A former administrator at a local nonprofit helping some of Seattle’s poorest residents, Michelle is very familiar with the services that exist for low-income families. But Michelle never thought she would need those services until she suffered a devastating accident in 2012 that left her permanently disabled. With a broken neck, collar bone, severe spinal damage, and a loss of vision in her right eye, Michelle suddenly found herself unable to work, without an income, trying to raise her two children on her own.
Michelle struggled through intensive rehabilitation and training, eventually regaining enough skills to get back on the job hunt, despite her physical limitations. Applying for work also gave her a very necessary form of temporary income, unemployment benefits. But December 28, 2013 ended emergency unemployment benefits for over 25,000 Washingtonians, including Michelle. Any money she had to pay her utility bills evaporated with the unemployment benefits, and in early January 2014 Michelle submitted an Emergency Energy Assistance application to Byrd Barr Place, hoping to stave-off disconnection.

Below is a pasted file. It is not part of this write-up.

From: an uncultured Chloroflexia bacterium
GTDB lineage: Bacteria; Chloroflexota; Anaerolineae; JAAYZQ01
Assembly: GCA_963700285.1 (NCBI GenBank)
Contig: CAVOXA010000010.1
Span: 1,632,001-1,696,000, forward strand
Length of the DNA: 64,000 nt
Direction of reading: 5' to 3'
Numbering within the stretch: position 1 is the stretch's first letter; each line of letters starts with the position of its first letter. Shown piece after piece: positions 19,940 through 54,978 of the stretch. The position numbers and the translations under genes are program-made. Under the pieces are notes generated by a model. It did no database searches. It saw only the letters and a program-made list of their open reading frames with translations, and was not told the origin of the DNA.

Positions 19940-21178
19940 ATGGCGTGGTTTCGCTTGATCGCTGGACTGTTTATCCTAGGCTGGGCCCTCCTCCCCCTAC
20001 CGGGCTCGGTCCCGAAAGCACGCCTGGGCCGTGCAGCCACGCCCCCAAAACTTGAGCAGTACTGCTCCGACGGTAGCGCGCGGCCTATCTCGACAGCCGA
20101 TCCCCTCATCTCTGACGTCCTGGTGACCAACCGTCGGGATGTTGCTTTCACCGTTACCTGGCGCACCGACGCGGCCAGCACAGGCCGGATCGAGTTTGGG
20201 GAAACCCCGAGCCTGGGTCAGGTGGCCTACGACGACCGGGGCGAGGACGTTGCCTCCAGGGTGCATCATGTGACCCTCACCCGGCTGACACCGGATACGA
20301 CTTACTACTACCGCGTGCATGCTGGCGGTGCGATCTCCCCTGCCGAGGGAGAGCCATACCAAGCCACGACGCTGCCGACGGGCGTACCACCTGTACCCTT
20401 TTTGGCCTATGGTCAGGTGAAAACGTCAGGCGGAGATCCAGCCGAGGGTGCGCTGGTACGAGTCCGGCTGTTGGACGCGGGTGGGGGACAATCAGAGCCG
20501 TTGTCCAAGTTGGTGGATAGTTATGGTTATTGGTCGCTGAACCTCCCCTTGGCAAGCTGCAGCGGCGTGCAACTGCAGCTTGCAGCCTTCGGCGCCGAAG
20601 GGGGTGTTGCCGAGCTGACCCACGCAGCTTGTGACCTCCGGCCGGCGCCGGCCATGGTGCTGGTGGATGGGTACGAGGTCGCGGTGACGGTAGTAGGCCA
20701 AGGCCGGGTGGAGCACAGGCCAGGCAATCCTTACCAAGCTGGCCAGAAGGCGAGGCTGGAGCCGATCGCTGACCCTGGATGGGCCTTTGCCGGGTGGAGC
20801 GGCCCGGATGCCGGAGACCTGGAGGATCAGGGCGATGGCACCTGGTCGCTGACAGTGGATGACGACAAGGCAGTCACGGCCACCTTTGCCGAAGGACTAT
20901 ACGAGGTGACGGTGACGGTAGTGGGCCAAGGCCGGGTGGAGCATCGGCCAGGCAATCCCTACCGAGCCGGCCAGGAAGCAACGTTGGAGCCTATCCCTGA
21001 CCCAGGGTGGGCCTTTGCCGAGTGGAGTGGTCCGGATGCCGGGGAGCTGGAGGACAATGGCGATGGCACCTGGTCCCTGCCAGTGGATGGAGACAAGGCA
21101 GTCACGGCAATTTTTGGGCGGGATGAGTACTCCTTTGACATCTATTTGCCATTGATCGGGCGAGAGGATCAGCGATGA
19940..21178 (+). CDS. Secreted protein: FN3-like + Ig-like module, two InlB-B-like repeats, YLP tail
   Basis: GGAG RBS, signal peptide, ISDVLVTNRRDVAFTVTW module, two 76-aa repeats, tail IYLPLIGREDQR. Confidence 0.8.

With a daughter still in high school and a son completing his general education requirements at local community college, Michelle is so thankful for the $250 she received in Bridge the Gap funds. This money allowed her to maintain her electricity so her children can continue to study and do well in school. With no local family to help her in hard times, Byrd Barr Place and other nonprofit agencies are stepping in to help Michelle rebuild her life and maintain her independence, honoring her years of service to the community by supporting her in her time of need.